The judge has wide discretion to grant or deny a request to vacate a DV order. Usually the request is denied because the judge is concerned that the assaulter may assault again. You should show the judge (1) why you believe you won't be the victim of more DV; (2) why you believe your husband won't commit more DV; and (3) why it is that you and the kids need him to be in the house. It would help if you can show that you have arranged DV counseling for you and your husband when he gets out; and that your husband is participating in DV counseling while he is in prison. Nevertheless, don't be surprised if the judge denies your request.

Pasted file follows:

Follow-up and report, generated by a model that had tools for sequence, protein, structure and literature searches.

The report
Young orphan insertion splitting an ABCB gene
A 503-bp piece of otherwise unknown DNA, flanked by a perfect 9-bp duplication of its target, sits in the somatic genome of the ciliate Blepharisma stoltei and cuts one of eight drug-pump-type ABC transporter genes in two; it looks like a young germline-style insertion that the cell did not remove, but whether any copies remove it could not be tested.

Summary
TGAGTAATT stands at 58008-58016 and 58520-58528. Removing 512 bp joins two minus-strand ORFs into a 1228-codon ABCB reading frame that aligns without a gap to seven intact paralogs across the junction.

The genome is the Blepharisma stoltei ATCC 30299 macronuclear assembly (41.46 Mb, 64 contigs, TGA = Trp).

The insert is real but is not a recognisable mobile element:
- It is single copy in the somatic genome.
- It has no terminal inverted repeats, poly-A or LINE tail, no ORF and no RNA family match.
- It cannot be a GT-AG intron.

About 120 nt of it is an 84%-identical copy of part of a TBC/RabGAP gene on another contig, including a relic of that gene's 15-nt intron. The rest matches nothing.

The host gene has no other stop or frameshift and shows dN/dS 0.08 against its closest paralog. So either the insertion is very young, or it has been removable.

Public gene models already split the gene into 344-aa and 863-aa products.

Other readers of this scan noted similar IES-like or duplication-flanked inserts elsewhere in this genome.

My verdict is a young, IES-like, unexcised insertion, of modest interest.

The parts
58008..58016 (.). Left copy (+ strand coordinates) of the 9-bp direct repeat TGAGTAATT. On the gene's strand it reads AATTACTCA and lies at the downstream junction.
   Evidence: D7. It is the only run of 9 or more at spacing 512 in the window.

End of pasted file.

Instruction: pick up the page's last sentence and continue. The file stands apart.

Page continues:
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Domestic violence is not a private issue between the victim and offender. There are enormous costs to the legal and law enforcement systems caused by these cases, and important consequences for children and public safety. The law recognizes these massive social costs and is purposely designed to be used for the prevention of subsequent offenses. "No-contact" court orders and parole conditions are important and powerful mechanisms by which the law attempts to further its agenda for prevention of further offenses.Your wish to drop or rescind such orders or conditions does not bind or limit the decisions of the court or parole authorities as to what legal actions are necessary to inhibit you and your husband from future similar incidents. You can make request of the parole authorities to further modify or rescind such conditions, but you cannot compel that decision. The court and/or parole authority will decide based on the seriousness of the original charge, the nature of the evidence that proved that charge, your husband's prior criminal history, and the likelihood of subsequent offenses.
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